Herb Spotlight - Meadowsweet
Meadowsweet (Filipendula ulmaria)
Part Used: Aerial Parts
Flavor/Aroma: Sweet, Bitter
Energetics: Cooling, Drying
Meadowsweet is an herb that has revolutionized the pharmaceutical industry, some say for good and others leave it to question, ever since the discovery of its powerful pain-relieving constituents. Aspirin is the loosely related bi-product of the commoditization of Meadowsweets famous ability to mitigate almost any ache or discomfort, but there is much more to this herb than we originally thought.2
Meadowsweet grows as an herbaceous plant, that is a lover of water and well lit areas. It prefers cooler climates, and can grow to heights of 3 feet tall. Meadowsweet is a perennial herb that blooms white, elegant tufts of flowers in the heat of the summer months. Its leaves resemble that of roses, and are dark green, with serrated edges, and a greyish tone under-belly.
Cultivation and Harvesting:
Meadowsweet is native to Europe, particularly Ireland and Great Britain, and parts of Asia, but is naturalized in much of the United States- most predominantly along the East coast.1
Southern Oregon Cultivation:
Meadowsweet is commonly found across the state of Oregon, in its favorite habitat- meadows. It is easily cultivated in the cooler climates of this region and will thrive in the presents of a steady water source Meadowsweet flowers attract local pollinators alike, and is particularly alluring to honey bee populations. It can be found in the wild by roadsides, in ditches, and other swampy areas.
History and Folklore:
Meadowsweet has been used to sweeten culinary delights, flavor ales and liquors, and as a bouquet during wedding ceremonies. Its traditional uses include a remedy for kidney and bladder afflictions, to reduce fevers, subdue stomach pain, stop excessive diarrhea, and to relieve rheumatic pains throughout the body.1
Meadowsweet was one of three herbs, besides Water-Mint and Vervain, that was revered as a sacred herb to the Druids.
Ayurvedic Medicine Traditional Uses: Meadowsweet was used to treat peptic ulcers, joint and muscle pain, rheumatism, and prophylaxis.
Meadowsweet has been indicated to support those with urinary infections and other uterine disorders, systemic pain of the skeletal muscular system, headaches, nerve pain, and to reduce stubborn fevers. It is used to remedy the common cold and influenza. It can also be used to support a variety of gastrointestinal upsets and soothe stomach and intestinal ulcers.2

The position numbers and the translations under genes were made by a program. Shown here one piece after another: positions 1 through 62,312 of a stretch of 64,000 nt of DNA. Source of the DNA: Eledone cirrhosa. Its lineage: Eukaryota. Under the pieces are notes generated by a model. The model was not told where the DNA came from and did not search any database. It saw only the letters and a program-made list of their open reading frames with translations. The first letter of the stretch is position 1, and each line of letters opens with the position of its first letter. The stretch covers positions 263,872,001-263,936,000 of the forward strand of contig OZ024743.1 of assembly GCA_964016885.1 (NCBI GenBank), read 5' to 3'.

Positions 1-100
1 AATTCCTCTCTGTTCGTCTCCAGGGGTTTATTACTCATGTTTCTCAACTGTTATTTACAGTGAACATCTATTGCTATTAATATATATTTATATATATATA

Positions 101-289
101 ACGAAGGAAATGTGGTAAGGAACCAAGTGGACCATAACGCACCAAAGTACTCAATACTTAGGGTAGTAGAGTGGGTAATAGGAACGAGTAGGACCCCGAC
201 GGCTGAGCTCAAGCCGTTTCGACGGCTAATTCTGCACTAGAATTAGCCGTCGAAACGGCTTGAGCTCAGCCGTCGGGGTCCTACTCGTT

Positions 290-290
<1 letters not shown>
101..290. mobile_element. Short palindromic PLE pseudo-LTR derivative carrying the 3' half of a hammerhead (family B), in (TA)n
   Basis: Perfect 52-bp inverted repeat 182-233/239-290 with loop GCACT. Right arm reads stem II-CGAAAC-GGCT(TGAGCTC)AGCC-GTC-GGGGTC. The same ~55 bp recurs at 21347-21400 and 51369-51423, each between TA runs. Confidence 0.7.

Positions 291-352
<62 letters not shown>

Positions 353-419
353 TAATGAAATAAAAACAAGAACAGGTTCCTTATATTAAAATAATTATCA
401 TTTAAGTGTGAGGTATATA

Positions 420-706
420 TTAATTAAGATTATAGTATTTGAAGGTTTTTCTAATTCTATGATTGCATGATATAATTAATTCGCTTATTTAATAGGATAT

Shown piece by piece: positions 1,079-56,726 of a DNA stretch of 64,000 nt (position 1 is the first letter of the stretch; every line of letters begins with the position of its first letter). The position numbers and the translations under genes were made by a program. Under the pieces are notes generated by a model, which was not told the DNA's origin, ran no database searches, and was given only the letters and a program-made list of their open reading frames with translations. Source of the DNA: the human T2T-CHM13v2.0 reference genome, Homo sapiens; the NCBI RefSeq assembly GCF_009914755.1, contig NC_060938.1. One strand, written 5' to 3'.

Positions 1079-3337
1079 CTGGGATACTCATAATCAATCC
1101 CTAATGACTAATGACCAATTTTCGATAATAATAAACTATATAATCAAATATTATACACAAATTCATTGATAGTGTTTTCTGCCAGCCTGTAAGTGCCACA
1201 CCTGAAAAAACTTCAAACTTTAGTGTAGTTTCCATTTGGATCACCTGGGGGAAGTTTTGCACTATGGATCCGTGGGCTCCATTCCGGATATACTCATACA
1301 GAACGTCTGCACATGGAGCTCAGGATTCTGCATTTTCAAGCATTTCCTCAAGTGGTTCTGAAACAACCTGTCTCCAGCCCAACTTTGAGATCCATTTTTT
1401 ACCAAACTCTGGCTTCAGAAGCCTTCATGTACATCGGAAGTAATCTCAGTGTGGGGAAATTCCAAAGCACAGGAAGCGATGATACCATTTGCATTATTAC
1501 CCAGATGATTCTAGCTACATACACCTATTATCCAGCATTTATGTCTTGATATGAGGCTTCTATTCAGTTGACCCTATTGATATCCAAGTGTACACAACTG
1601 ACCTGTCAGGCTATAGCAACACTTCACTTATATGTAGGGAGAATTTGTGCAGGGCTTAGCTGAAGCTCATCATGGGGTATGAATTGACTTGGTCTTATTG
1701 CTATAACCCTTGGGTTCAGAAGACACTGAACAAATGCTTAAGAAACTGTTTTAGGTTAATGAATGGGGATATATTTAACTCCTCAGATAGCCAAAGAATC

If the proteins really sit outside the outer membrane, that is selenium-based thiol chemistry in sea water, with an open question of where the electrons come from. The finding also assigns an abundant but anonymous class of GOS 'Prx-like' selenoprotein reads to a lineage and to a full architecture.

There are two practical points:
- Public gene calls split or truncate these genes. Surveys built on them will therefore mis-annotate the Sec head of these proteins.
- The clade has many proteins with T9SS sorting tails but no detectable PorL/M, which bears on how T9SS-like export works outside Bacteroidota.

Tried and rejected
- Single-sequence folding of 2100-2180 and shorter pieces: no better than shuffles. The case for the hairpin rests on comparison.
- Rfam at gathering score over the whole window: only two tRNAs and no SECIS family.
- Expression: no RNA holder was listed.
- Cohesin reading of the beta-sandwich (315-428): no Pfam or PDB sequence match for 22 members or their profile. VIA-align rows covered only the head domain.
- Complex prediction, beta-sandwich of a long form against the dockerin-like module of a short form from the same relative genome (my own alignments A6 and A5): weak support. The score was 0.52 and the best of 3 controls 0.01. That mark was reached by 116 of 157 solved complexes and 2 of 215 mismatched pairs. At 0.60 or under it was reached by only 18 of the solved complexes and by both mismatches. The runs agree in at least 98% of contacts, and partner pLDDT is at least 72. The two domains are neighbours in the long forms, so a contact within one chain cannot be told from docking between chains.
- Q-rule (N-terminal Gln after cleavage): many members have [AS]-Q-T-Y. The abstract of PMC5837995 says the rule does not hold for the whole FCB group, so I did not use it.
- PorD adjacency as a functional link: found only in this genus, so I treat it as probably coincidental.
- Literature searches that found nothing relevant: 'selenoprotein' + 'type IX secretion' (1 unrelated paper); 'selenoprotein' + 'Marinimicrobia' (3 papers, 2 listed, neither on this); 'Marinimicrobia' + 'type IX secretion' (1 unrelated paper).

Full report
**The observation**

Uses and Preparations:
Dried Herb Tea Preparation:
1 Tablespoon per cup of water.
Using a reusable tea bag or tea ball, immerse the loose dried herbs into boiling water and allow to steep for 5-10 minutes, preferably covered, in order to release the maximum amount of herbal goodness. Some herbal tea can carry a strong flavor. We recommend organic honey as a sweetener which preserves the beneficial herbal compounds.
1-3 mL up to 4 times per day.
Some herbal tinctures can have a strong flavor on their own. Adding your tincture to a glass of 6-8oz of water is one easy way to help, should you wish to dilute the flavor.
It is important to remember that some bodies may react differently than others when using herbal products. Our recommended usage amounts are designed to be an average dosage only. If you have specific concerns about the usage amount or interaction with other medication, please consult with your doctor or health care practitioner prior to using our products.
Meadowsweet may cause allergic hypersensitivity in persons sensitive to salicylates. We recommend consulting with your practitioner if you are pregnant, or plan to become pregnant, or if you are using any other medications.
- Meadowsweet. (n.d). www.henriettes-herb.com/eclectic/hoo1922/meadowsweet.html
- Herbal Medicine: Expanded Commission E. (n.d.). Retrieved from http://cms.herbalgram.org/expandedE/Meadowsweet.html
- Arsenijevic, J., Bozic, D., Milenkovic, M., Maksimovic, Z., Samardzic, S. (March 1, 2018). Antioxidant, anti-inflammatory, and gastroprotective activity of Filipendula ulmaria (L.) Maxim. And Filipendula vulgaris Moench. www.ncbi.nlm.nih.gov/pubmed/29132911
For educational purposes only. This information has not been evaluated by the Food and Drug Administration. This information is not intended to diagnose, treat, cure, or prevent any disease.